Few people know that Nepal is a butterfly paradise. It is a lepidopterist's dream-come-true. The kingdom is a Moth Superpower.
Mahendra Singh Limbu is too modest to say it himself, but he is one of the few Nepali authorities on Nepali butterflies. "I was interested in the outdoors since early childhood, but my schooling furthered this interest even more," says Limbu, who has been working diligently since high school graduation to be a butterfly expert. Mahendra doesn't have a fancy foreign university degree, and he doesn't need it. He is a self-taught lepidopterist, he has travelled extensively across Nepal in the past ten years to collect specimens for Toshirop Haruta's Moths of Nepal, and the unpublished Butterflies of Nepal.
Toshiro Haruta of Japan who helped found the Japan Heterocerists Society, was considered to be one of the leading experts in the world on lepidopterology, the science of butterflies and moths. Five volumes of Moths of Nepal were published between 1992-98, the only books on the nocturnal moths found in Nepal. The second part of their venture, Butterflies of Nepal never made it to the press-Haruta passed away in September 1996.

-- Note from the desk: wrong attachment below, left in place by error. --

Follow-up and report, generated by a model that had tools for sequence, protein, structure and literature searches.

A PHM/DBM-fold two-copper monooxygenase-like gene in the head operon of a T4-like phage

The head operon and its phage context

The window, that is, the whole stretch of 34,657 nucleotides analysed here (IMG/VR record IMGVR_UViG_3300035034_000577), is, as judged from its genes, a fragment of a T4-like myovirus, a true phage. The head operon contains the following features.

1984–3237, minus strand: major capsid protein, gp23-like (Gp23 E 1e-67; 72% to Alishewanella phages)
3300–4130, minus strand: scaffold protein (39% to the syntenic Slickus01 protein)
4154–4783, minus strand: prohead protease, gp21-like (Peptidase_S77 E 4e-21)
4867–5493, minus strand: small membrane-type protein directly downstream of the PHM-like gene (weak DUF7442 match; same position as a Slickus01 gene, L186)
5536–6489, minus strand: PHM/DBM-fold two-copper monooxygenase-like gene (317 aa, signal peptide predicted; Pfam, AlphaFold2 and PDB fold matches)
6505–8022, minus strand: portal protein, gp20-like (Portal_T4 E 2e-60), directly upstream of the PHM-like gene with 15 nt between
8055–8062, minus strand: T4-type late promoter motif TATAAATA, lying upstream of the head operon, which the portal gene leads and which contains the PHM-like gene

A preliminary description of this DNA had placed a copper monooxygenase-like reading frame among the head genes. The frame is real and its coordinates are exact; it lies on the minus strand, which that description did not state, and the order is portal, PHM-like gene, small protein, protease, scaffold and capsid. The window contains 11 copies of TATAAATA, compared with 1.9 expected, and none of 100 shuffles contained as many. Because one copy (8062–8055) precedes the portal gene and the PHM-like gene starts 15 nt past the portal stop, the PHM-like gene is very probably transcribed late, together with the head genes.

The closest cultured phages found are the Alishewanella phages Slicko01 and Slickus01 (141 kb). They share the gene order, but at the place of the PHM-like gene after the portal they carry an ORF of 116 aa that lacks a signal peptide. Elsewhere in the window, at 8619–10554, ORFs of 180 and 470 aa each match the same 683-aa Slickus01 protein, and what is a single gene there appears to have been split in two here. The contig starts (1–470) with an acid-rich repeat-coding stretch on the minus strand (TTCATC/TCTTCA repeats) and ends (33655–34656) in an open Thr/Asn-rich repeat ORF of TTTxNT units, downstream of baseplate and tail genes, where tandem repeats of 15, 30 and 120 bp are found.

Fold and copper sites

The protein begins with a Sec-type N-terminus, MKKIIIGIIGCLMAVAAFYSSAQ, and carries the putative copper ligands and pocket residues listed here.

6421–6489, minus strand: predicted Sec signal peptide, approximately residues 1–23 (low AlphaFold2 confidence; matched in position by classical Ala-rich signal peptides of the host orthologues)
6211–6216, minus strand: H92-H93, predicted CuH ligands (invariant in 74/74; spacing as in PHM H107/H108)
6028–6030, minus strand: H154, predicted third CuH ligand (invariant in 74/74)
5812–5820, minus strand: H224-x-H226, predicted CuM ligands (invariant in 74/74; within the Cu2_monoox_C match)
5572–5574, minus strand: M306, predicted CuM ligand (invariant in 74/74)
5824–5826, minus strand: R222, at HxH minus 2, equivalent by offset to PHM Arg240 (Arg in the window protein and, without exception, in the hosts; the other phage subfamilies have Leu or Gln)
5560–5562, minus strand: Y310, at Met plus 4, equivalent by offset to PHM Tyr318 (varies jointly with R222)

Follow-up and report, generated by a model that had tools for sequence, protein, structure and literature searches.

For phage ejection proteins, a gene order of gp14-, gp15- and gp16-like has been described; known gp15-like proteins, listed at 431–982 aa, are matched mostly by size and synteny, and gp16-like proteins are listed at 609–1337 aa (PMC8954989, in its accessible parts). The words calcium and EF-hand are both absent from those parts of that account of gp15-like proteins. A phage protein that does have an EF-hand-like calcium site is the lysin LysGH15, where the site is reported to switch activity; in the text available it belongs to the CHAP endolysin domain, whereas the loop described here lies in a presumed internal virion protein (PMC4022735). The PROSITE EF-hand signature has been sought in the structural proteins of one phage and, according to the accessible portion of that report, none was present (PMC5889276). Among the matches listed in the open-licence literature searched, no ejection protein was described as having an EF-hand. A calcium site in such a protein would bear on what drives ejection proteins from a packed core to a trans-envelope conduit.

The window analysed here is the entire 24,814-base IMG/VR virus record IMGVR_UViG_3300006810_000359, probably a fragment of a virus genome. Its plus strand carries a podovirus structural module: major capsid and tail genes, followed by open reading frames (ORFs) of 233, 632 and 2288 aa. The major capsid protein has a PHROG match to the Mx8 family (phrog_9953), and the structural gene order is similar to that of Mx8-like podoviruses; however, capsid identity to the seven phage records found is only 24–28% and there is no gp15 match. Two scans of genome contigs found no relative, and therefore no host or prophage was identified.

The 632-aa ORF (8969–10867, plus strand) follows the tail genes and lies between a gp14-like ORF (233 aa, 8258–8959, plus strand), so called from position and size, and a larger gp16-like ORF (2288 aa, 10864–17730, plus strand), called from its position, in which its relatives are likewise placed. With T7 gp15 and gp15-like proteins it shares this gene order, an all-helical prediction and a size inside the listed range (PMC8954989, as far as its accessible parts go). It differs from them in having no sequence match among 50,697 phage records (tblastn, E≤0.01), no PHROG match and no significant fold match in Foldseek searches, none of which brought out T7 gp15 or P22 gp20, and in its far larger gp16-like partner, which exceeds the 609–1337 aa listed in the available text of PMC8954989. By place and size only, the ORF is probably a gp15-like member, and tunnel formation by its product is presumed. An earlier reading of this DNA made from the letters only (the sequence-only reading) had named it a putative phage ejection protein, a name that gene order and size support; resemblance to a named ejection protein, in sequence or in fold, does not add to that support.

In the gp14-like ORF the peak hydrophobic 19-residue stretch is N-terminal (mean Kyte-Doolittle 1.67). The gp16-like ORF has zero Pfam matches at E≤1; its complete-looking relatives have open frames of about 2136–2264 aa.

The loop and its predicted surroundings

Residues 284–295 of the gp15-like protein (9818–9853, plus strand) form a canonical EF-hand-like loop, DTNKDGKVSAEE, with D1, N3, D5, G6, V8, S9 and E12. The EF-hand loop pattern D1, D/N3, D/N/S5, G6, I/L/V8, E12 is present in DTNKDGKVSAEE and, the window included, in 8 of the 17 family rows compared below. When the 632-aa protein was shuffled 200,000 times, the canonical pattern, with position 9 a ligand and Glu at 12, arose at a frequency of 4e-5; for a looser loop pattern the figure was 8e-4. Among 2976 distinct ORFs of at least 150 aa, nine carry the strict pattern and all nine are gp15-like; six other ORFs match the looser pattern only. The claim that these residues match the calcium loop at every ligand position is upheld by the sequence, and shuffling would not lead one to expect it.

Mahendra's research stopped for a while, and Nepal's 670 species and subspecies of butter-flies lost the attention they had received from the duo. Butterfly collection started out as an economic venture just like collec-ting a Picasso or a Rembrandt, but Mahendra says that today these beautiful and fragile insects are indicators of the health of the environment. Mahe-ndra comes originally from the hills of Taplejung district, but has been living in Godavari since the early 1970s-mainly because Nepal's treasure house of butter-flies and birds on Phulchoki is right in his backyard! Mahendra leads groups on bird and butterfly-watching expeditions as a nature guide. It is in these walks that Mahendra is in his element. He says: "The forest of Phulchoki is a paradise not only for butterflies, but also for birds." And also, it seems, for those who admire them.